Prostate cancer is the second most common cancer in American men, following skin cancer. One in every seven men will be diagnosed with this form of cancer in his lifetime; with the average age of diagnosis being age 66.
In terms of fatalities, only lung cancer comes with a higher mortality rate. Prostate cancer is a serious disease; however, there is much to be hopeful about. While it is true that one out of 39 men will die of prostate cancer; there are 2.9 million American men who were previously diagnosed with prostate cancer, yet are still alive.
Screening tests for prostate cancer are available. A protein called prostate-specific antigen (PSA) is made in the prostate gland and circulates in the blood. The PSA blood test can check for how much PSA is present, which serves to screen for prostate cancer.
This test, while saving many lives, is not perfect. There are many cases of positive PSA screening turning out to be false positives. Of men with an elevated PSA who undergo a prostate biopsy, only 25% end up actually having prostate cancer. Nonetheless, it remains one of the few tools at our disposal to diagnose prostate cancer. The American Cancer Society recommends that men talk with their health care provider about whether the PSA screening test is right for them. In general, though, the following can serve as guidelines for who should consider the PSA test:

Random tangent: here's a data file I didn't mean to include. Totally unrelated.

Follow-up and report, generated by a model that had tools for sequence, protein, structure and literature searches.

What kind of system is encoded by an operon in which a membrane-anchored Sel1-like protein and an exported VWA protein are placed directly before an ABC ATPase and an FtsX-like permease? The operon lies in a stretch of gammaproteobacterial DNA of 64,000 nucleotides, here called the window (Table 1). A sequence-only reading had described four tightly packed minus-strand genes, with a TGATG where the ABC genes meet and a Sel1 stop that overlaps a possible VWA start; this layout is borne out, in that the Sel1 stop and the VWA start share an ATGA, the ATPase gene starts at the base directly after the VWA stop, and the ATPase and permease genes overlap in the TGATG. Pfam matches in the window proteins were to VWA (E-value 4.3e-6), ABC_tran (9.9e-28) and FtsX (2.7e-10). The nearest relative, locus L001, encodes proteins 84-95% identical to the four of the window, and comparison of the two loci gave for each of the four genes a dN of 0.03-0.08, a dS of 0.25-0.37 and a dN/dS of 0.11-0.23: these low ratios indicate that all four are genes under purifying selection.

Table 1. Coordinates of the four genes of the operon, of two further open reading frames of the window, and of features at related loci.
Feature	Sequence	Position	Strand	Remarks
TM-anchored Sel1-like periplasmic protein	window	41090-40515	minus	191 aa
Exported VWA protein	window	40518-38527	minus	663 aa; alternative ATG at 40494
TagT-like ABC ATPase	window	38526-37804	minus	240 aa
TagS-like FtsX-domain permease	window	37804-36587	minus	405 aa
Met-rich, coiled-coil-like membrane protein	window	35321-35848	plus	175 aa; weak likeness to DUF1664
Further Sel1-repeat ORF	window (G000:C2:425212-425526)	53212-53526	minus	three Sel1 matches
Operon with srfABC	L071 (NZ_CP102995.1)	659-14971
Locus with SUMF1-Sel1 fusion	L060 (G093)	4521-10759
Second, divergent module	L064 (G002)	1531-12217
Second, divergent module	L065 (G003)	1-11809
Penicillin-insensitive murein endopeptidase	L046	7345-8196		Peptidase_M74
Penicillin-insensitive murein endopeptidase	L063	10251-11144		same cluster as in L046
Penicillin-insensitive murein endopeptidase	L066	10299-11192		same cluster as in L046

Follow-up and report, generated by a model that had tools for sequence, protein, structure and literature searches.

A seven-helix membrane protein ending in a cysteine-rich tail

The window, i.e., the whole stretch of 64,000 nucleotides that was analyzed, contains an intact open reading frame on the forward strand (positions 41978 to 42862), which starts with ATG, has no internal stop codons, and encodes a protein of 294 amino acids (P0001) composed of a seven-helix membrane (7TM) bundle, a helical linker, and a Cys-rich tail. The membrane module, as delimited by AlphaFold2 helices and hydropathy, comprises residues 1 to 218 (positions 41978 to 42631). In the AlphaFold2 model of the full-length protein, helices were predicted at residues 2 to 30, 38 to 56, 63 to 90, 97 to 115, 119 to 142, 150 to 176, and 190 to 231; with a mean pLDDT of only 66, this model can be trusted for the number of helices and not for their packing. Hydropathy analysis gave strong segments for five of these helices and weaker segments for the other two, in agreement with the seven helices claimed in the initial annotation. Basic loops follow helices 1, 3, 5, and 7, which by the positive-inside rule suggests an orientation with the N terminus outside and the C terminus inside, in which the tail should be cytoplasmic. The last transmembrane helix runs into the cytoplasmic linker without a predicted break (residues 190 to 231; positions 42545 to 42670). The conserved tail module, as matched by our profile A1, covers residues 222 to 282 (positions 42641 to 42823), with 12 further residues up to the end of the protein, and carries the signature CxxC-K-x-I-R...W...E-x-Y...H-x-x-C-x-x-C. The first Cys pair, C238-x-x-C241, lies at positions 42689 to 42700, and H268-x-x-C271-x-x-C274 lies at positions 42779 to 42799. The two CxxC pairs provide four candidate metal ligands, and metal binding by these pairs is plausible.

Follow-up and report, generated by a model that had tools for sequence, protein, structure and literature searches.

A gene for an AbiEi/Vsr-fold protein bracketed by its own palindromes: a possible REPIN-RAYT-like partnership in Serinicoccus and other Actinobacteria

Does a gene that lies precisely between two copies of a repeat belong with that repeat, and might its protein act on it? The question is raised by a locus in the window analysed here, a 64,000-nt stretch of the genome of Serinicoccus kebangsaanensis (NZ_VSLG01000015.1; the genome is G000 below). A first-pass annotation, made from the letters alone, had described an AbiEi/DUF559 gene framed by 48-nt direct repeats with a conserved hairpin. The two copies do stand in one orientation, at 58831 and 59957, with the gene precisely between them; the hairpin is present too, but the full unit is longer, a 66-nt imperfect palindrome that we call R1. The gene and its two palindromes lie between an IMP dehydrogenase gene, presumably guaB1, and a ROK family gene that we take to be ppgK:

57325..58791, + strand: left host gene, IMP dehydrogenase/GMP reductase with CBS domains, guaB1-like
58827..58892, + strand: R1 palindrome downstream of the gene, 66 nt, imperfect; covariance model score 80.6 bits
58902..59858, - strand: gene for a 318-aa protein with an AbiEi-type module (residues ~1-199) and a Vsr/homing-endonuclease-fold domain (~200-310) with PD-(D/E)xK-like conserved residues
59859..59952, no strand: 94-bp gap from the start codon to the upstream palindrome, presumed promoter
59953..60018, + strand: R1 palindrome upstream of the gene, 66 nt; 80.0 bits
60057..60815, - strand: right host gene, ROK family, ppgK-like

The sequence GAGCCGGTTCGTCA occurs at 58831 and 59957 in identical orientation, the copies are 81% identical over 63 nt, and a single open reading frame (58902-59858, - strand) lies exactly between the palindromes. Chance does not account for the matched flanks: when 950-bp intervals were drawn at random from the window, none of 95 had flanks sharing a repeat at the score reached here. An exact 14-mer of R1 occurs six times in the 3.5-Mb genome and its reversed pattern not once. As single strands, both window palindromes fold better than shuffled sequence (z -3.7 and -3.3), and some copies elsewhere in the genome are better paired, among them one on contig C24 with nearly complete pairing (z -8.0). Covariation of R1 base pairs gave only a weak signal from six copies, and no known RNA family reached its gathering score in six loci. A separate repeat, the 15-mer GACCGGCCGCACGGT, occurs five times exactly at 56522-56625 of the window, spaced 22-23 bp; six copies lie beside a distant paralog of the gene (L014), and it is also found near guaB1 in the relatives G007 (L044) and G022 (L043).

- Men who are 50 years old and who are expected to live at least 10 more years.
- Men who are 45 years old and who have a high risk based on race and/or family history.
- Men who are 40 years old and who have a very high risk based on family history (multiple relatives with prostate cancer at a young age).
An abnormal result on the PSA screening test generally indicates the need for a prostate biopsy to determine if there is prostate cancer. Some tumors grow so slowly that they’re unlikely to ever be life-threatening. The goal is for only the patients at highest risk to undergo a biopsy and, if needed, treatment for prostate cancer. There are more medications than ever before available for the treatment of prostate cancer.